Inflation in India could worsen to 7.4%
Pressure to reduce subsidies and a weakening rupee are furthering inflation-related risks.
The weak industrial production will likely cause a 25bps cut in policy repo rates. Unless inflation comes in below expectations, the risk of a 50bps rate cut will increase. A total of 100bps of rate cuts is expected this year as inflation proves stubborn.
Here's more from DBS Group Research:
WPI inflation could rise to 7.4% from 7.2% in April and 7% average in Jan-Apr, but this hides a temporary sequential moderation in price pressures, especially primary and fuel price pressures. In sequential terms, primary and fuel prices are expected to remain unchanged and manufacturing goods prices, a proxy for core, is expected to expand at a trend 5% rate.
Nonetheless, headline price pressures are expected to resume even though the underlying or core inflation rate is modest in a weak growth environment. Inflation risks arise from the pressure to reduce subsidies and from the weakening rupee. PMI surveys corroborate this picture with output and input price pressures still strong.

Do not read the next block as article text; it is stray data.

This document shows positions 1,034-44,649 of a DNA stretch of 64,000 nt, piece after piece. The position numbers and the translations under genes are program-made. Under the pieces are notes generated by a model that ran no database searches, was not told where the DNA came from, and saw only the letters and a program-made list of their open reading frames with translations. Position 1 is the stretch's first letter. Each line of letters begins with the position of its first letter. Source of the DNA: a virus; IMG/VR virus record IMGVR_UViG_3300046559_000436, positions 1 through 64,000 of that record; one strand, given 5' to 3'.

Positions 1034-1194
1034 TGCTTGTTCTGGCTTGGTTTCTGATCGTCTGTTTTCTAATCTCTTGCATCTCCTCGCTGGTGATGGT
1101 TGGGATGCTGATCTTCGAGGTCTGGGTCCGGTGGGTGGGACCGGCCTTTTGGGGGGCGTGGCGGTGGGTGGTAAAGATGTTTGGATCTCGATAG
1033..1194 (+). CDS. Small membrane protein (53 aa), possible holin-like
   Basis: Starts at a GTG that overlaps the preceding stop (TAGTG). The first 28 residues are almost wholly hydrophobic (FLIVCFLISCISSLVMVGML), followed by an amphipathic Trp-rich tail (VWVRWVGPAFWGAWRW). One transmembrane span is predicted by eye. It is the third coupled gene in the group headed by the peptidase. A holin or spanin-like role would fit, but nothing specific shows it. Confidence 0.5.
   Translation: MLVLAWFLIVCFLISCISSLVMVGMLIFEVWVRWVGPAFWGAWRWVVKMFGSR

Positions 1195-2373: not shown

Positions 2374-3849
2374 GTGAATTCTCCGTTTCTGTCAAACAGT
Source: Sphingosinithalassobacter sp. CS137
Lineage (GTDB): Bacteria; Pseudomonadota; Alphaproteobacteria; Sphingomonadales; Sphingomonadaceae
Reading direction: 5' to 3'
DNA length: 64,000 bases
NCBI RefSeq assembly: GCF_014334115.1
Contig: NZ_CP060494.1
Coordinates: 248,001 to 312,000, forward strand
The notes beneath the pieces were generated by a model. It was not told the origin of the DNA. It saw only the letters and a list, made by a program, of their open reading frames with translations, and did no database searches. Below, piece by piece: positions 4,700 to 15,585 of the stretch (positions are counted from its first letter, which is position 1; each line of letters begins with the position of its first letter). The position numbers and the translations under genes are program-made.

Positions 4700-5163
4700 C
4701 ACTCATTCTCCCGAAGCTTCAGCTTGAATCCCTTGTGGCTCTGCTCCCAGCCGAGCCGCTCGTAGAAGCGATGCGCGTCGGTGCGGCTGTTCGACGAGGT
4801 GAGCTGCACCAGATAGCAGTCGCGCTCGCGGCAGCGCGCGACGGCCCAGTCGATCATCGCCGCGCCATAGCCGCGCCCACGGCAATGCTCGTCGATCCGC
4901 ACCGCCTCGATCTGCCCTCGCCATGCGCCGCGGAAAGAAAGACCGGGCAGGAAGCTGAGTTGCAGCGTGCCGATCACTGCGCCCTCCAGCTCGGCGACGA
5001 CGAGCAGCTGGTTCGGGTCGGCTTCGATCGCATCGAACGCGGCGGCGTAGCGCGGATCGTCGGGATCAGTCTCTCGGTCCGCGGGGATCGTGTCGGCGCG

Given the weak industrial production release, a 25bps cut in policy repo rates next week appear all but certain. Inflation will have to overshoot considerably such as above 8% to cause any rethink. Such overshoot appears unlikely given growth is weak and that will cap core inflationary pressures. On the other hand, if inflation comes in below expectations, the risk of a 50bps rate cut next week will increase. However, the view that aggressive rate cuts to spur growth might prove costly as they raise inflation beyond comfort level and renew and strengthen depreciation pressures on the rupee.
A total of 100bps of rate cuts is expected this year as inflation proves stubborn. This will not be sufficient to stimulate growth but neither can growth be stimulated by monetary policy without inflation rearing its ugly head. The expectation is for 2012/13 growth to slow further to 6.2% from 6.5% in 2011/12, much lower than current consensus for 7.6% growth.
Optimism is maintained on the currency than consensus and to see room for further trade-weighted exchange rate depreciation. Despite the growth slowdown, it is important for policymakers to tread cautiously with loosening monetary policy and to assess the extent to which the slowdown is driven by supply bottlenecks and an unfavourable business climate.